Inspiring leaders are authentic and transparent. They continuously communicate vision, and objectives and role model company values and behaviours. They operate with integrity, and transparency, celebrate and acknowledge success and provide an opportunity for their people to thrive and grow.

An authentic leader does not place blame or focus on the past. They look to the future, use opportunities for growth and continuous learning, extend trust, and seek and accept feedback from others. They also encourage independent decision-making through “freedom within a framework”. This type of leadership typically exists in a high employee engagement environment. Employees understand their role in the plan, can operate in confidence and trust and can hold others to account without blame or personal agenda. They feel united, and safe and act with a common purpose.

The behaviour you set as a leader is a standard you set for your staff.

Exceptional leaders recognise their capability gaps and hire or outsource areas that either upskill, add value or add diversity to thinking and decision-making. Aside from this, they have a planning mindset, they are curious and develop personal resilience based on sound management and care for their health and wellbeing as well as those around them.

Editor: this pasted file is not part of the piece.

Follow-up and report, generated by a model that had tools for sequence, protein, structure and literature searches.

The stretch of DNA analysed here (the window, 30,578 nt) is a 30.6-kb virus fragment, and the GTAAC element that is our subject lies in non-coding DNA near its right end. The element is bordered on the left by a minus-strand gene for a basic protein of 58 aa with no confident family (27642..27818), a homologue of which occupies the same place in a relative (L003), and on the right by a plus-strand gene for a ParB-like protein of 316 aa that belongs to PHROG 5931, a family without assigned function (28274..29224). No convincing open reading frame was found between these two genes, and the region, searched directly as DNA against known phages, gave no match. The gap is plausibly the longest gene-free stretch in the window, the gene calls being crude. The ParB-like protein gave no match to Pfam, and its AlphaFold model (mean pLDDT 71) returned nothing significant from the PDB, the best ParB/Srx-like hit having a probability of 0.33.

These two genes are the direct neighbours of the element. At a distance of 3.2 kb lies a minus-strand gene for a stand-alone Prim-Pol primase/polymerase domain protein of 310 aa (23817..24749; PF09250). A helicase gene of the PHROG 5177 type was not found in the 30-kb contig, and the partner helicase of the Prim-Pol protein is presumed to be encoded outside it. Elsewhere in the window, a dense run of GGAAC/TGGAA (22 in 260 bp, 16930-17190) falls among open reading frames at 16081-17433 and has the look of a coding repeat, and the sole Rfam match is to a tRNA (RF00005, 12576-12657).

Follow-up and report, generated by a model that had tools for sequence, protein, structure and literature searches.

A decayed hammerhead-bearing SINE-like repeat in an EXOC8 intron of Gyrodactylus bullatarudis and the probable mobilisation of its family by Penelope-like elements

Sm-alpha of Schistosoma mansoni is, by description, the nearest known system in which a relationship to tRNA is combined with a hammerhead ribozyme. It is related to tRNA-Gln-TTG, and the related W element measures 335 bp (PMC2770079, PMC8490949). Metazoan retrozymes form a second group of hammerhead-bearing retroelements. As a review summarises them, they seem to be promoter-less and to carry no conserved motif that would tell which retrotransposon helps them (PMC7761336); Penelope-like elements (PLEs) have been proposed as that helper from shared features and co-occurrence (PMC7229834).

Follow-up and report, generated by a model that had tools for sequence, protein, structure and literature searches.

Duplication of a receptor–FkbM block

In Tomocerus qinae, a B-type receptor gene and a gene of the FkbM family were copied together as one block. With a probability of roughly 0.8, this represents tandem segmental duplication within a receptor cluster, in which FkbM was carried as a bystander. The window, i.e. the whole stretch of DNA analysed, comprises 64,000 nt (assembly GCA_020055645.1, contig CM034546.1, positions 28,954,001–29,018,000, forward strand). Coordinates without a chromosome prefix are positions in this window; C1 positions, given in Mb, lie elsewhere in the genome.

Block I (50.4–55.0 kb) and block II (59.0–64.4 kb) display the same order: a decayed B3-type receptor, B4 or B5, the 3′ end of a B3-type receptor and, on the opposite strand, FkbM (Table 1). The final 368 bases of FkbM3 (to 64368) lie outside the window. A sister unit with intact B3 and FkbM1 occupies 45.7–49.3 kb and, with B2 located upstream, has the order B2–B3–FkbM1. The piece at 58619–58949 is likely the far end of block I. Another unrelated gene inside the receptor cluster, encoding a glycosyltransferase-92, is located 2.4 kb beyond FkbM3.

Performance Culture

A business culture provides the framework for the execution of the plan. The culture or performance needs to match the expected outcomes, if the performance is right then the outcomes will take care of themselves. Performance cultures hold people and teams to account for failure or breakdowns. They measure progress and performance regularly, provide timely and frank feedback, value diversity and have a collective responsibility for failure, risk and pushing boundaries. They leave egos at the door and have only one agenda which is performance orientation or breakthrough performance.

Among the various elements that make up culture, values are a critical component. They underpin behaviours, attitudes and how we choose to manage relationships, conflicts, commitments and have conversations. In the absence of company values, individual employees’ values will override desired behaviours. The result can be toxic manifesting in conflict, agitation, hidden agendas and staff turnover. Values alignment should always be a consideration when recruiting employees.

There is always a good story to be had for non-achievement but no result plus a good story still equals no result!


Failure to deliver on projects and commitments still reigns as one of the biggest challenges for businesses. Nearly 80% of businesses (large and small) fail to deliver on their plans. How you measure and monitor performance will determine how successfully the business plan is executed.

The type of leadership, communication, values and culture in practice also play a large part. Company culture and leadership are the two most likely factors to influence the retention of good people than any other single element.

A business that has great plans, a sound balance sheet, a performance culture and inspiring leadership will be a resilient business. It is most likely to beat the competition; attract and retain great staff; ensure you sleep soundly and is more likely to survive external shocks such as COVID-19.